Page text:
The sun rose softly over the bustling streets of Kampala, but in the heart of the city, a different kind of warmth radiated: the unwavering spirit of Shabani Chani. With an unassuming smile and a heart brimming with empathy, Shabani, a Congolese teenager, embodies resilience, kindness, and an unrelenting desire to make a difference.
In a heart-to-heart conversation with Fablstyle, Shabani paints a vivid picture of his experiences and aspirations. “Helping people has always been my passion,” he confides, his voice resonating with unwavering determination. His dream, however ambitious, is simple at its core—to alleviate the suffering of homeless children, to nurture their minds and bodies, and to pave a path to a brighter tomorrow.
Join Shabani Chani on his quest. Let his story ignite the flame of compassion within us. Together, let’s support his “Feed a Homeless Kid” project. Each act of kindness, each contribution, is a step towards ensuring that every child finds warmth, nourishment, and hope.
FAB: Tell us about yourself and your project in Uganda.
Shabani Chani: First of all, I’m from Congo. I have been in Uganda for six years now. The first time I came here, I went to the refugee camp, and I was there for four years. I came to Kampala after four years. What I found when I came to Kampala was wild. It really hurt my heart. Since childhood, helping people has always been my passion. I’m doing these things because I’m in love with helping people. I always loved to help. When I came here, it was my first time in life to see kids begging for food on the street. I cried. To help, you don’t need to be a wealthy person; you just need to show love. I started by helping at least one or two children daily. I tried all I could to make sure I fed them. Within one year, there were too many of them, and I couldn’t afford it by myself anymore.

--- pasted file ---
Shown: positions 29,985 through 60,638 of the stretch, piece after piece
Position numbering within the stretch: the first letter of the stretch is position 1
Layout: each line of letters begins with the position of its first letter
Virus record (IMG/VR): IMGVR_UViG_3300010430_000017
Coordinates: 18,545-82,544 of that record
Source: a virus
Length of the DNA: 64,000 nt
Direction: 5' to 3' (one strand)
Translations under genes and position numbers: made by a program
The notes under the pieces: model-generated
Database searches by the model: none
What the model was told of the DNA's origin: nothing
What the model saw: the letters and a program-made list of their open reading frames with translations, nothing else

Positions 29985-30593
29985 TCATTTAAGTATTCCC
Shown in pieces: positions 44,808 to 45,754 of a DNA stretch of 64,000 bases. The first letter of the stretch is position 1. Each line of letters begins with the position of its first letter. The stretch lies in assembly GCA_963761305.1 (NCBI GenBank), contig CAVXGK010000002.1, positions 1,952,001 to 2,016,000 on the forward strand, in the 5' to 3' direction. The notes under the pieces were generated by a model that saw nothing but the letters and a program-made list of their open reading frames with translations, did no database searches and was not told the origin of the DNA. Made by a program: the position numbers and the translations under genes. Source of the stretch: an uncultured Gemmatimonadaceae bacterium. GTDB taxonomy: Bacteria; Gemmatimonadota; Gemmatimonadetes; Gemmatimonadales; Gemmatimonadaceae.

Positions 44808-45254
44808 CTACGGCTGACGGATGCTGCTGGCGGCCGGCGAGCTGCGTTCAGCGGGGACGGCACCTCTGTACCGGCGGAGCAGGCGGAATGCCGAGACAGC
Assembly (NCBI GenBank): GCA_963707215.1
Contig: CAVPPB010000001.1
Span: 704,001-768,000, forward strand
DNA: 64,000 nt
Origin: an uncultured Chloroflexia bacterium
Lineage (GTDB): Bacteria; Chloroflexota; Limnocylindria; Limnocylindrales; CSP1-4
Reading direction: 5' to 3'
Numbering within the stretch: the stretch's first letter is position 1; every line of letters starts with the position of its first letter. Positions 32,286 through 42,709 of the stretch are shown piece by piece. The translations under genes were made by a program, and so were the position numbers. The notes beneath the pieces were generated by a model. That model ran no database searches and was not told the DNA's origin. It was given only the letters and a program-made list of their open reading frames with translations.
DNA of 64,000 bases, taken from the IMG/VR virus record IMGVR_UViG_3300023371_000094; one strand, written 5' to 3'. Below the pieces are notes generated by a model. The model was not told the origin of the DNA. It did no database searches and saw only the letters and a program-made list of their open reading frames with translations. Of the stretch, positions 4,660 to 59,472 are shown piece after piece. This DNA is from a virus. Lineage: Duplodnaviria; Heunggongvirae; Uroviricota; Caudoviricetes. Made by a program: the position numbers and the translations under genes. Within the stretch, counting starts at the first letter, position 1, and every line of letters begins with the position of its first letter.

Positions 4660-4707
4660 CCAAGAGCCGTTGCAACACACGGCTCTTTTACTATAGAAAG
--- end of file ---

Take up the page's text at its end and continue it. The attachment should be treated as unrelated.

To help, you don’t need to be a wealthy person; you just need to show love.Shabani Chani
I came up with the idea to use social media platforms. I felt that it would help to get more visibility and support to be able to feed more kids. My target was just to be able to feed about one hundred kids and also to see if I could create a centre, a foundation, and an orphanage. That was my thought: to see if I could serve them more out of the streets, to be able to give them food every day. I thought the best option would be to create something like an organisation or an orphanage; maybe they can be saved forever. This means that they get to eat good food daily and get an education while in the orphanage. So, that’s how I started. It’s been one year since I started using the internet and one year since I started posting things about what I do.
FAB: How old are you? You mentioned that you did not go to school and that you self-taught.
Shabani Chani: I am eighteen now.
FAB: What brought you from the Congo to Uganda?
Shabani Chani: I came to Uganda as a refugee due to the constant conflicts in the Congo. I came here for peace. I went to the refugee camp, and it got me inspired by a lot of things. Ohhhhh! I saw things I had never seen in my life. People were struggling. There was no pure water or good food. The good thing is that for me, everywhere I go, if I see something bad, I always ask myself if it’s possible to solve the problem or end it. The camp is called Nakivale Refugee Camp. I started helping people, and I have some videos for it. I was helping old people. Particularly, I was helping them with some food. I had the grace to come to Uganda, to find work.